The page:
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I can’t believe that it is Easter and almost the end of Term 1 already! Some exciting news is that we will be sending out Electronic Academic Reports at the end of this term. Our Parents will be receiving both, Academic (Grade 4-12) and Code of Conduct Reports (Grade 8-12), by email.

A message was posted on the SchoolApp, which is now our primary form of communication, to our Marist Family. If you have not yet downloaded this App, please do so. As a Catholic Marist School, we have our traditional ways of celebrating Easter.

Here are the ‘Top 5 Easter Traditions From Around The World’ By Jessica Gusman.

“Easter is upon us! Easter Week began this past weekend with Palm Sunday and culminates in weekend commemorations of Good Friday, Easter Saturday, Easter Sunday, and in some countries Easter Monday. Around the world, different cultures, countries, communities, and sects have their own traditions to celebrate the Easter holiday.

As Christians gather in churches across the globe to commemorate the resurrection of Christ, people everywhere are celebrating in their own ways by eating chocolate bunnies, going on Easter egg hunts and flying kites. Here are the HuffPost’s top 5 Easter traditions from around the world.

1) BERMUDA: Bermudians celebrate Good Friday by flying homemade kites, eating codfish cakes and eating hot cross buns. According to Bermuda-Online.org, the tradition is said to have begun when a local teacher from the British Army had difficulty explaining Christ’s ascension to Heaven to his Sunday school class. He made a kite, traditionally shaped like a cross, to illustrate the Ascension. The traditional Bermuda kites are made with colourful tissue paper, long tails, wood, metal, and string.

2) NORWAY: Norwegians have an interesting tradition for the season known for “Easter-Crime” or Paaskekrim. At this time of year, many around the country read mystery books or watch the televised crime detective series on national television, according to The Norway Post. Many families escape up to the mountains for the vacation week beginning the Friday before Palm Sunday and ending the Tuesday after Easter Monday. When spending time in a ski cabin in the mountains, a popular past time is playing Yahtzee, according to About.com. The image alongside shows Norwegian mystery novels on display during the Easter holiday.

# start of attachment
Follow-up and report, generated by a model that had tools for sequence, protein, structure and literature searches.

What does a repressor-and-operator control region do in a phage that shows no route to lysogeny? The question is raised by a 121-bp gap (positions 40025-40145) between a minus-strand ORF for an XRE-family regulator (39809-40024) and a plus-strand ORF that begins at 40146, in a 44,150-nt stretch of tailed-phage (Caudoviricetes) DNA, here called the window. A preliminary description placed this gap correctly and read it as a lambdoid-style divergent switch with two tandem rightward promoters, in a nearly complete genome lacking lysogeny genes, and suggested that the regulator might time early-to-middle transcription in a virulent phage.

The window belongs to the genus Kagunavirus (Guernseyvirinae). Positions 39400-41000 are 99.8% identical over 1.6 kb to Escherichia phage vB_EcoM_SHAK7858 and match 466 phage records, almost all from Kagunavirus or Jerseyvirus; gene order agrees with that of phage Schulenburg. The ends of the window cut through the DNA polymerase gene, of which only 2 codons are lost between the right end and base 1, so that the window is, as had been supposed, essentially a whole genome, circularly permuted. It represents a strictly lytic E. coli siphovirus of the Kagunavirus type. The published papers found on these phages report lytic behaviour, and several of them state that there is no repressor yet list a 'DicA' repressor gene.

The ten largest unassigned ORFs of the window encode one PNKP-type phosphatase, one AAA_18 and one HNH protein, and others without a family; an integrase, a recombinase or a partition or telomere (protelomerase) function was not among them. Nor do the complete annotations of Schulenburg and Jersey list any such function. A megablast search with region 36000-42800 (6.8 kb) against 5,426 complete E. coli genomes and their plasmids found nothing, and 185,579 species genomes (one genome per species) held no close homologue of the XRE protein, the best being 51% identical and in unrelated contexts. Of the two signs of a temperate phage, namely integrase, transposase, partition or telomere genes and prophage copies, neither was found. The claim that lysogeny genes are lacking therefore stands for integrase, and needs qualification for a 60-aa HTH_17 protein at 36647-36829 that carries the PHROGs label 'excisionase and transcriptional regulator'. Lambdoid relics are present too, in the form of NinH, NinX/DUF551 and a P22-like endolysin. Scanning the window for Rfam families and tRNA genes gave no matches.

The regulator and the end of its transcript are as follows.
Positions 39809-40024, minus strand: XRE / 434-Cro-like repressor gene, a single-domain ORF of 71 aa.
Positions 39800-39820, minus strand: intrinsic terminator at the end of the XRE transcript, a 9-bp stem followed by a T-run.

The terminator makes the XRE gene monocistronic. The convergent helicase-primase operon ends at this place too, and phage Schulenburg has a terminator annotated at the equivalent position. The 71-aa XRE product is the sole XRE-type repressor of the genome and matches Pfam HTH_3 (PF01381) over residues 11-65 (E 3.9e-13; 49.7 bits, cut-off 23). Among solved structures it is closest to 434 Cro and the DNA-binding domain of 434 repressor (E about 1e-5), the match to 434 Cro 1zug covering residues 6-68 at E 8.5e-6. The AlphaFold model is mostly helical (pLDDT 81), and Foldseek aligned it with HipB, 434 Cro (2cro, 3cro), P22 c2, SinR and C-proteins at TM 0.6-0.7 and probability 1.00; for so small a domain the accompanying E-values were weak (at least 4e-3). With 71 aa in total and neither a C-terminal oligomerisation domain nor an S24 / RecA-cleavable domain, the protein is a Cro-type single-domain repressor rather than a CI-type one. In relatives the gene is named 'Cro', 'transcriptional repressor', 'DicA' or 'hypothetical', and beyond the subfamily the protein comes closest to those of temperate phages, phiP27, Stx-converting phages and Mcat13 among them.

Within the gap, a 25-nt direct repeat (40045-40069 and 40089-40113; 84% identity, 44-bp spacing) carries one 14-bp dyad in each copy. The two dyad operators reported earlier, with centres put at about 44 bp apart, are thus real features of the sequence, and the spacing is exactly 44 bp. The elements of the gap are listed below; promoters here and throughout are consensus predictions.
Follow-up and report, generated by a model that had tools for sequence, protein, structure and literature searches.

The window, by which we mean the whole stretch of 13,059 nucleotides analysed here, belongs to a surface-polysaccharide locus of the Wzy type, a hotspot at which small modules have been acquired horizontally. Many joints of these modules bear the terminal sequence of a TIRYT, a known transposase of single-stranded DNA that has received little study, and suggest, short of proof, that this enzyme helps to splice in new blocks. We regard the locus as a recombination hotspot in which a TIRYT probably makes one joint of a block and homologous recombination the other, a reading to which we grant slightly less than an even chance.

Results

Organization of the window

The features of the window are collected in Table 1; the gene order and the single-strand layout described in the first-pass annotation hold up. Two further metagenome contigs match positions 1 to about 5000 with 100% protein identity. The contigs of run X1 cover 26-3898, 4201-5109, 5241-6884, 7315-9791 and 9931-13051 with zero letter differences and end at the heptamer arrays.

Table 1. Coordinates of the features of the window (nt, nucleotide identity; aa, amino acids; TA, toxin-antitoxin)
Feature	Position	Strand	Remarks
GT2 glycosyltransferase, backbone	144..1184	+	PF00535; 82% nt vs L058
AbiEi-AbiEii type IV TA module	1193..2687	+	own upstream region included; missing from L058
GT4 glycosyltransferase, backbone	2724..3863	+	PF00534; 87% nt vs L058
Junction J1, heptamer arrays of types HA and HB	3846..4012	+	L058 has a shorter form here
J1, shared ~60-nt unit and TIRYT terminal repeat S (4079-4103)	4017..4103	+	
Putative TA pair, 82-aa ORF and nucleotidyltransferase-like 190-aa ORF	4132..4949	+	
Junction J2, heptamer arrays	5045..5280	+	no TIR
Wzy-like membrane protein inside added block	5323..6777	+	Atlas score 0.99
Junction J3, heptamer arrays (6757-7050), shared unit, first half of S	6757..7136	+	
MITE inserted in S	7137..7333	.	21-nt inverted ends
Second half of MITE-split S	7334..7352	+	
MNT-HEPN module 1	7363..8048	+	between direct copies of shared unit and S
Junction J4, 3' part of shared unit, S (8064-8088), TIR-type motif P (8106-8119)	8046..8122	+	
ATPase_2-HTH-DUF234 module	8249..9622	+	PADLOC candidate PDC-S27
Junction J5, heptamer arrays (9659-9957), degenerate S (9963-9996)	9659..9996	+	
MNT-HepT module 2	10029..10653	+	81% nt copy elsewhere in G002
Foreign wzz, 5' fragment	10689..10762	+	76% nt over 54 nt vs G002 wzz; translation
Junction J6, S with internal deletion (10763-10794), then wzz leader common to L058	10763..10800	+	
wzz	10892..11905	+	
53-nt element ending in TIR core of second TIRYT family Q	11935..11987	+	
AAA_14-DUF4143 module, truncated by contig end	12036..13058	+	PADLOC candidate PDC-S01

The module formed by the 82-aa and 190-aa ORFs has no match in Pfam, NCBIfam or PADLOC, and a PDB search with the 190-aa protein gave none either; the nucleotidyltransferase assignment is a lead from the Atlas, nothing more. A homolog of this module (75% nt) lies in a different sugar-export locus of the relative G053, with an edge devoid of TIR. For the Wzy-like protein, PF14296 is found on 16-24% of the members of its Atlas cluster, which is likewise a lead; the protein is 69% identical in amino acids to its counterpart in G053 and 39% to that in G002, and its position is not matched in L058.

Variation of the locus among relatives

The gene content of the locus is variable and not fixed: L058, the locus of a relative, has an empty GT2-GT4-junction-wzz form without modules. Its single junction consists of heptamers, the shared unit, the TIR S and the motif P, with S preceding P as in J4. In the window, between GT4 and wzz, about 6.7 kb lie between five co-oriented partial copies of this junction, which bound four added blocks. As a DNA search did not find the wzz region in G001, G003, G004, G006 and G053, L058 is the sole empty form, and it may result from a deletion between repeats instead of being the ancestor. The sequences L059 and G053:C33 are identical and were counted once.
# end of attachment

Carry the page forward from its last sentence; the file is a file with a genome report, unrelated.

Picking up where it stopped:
3) EUROPE: In parts of North Western Europe large bonfires, called Easter Fires, are lit on Easter Sunday and Monday. While there are various explanations for the origin of the Easter Fires, the most common Saxon tale is that Easter is a time when spring becomes victorious over winter and the fires were to chase the darkness of winter away. Today, however, the meaning of the fires is simply to bring communities together. The nights are festive with heavy consumption of gin, lager and snacks.

4) SWEDEN: A mainly secular holiday in the Lutheran country of Sweden, Easter is celebrated with meals of eggs, herring and Jansson’s Temptation (potato, onion and pickled sardines baked in cream). The most interesting tradition to come out of Sweden is that in the days leading up to Easter Sunday, children dress up as Easter witches, wearing old and discarded clothes, according to Sweden.se. Traveling from home to home in their neighbourhoods, the children trade paintings and drawings for sweets.

5) HAITI: In Haiti, Holy Week is marked by colourful parades and traditional “rara” music played on bamboo trumpets, maracas, drums, even coffee cans. According to About.com, the holiday is a mixture of Catholic and Voodoo traditions. Voodoo believers make an annual pilgrimage to the village of Souvenance. In the photo below devout voodoo believers hold a goat head and other parts, as offerings to the spirits, during a ceremony in Souvenance village, Haiti. Showing devotion to the spirits, the celebration is marked by drumming, chanting and animal sacrifices.

To those of you who will be travelling on our roads – be safe!

God bless!
Gary Norton-High School Principal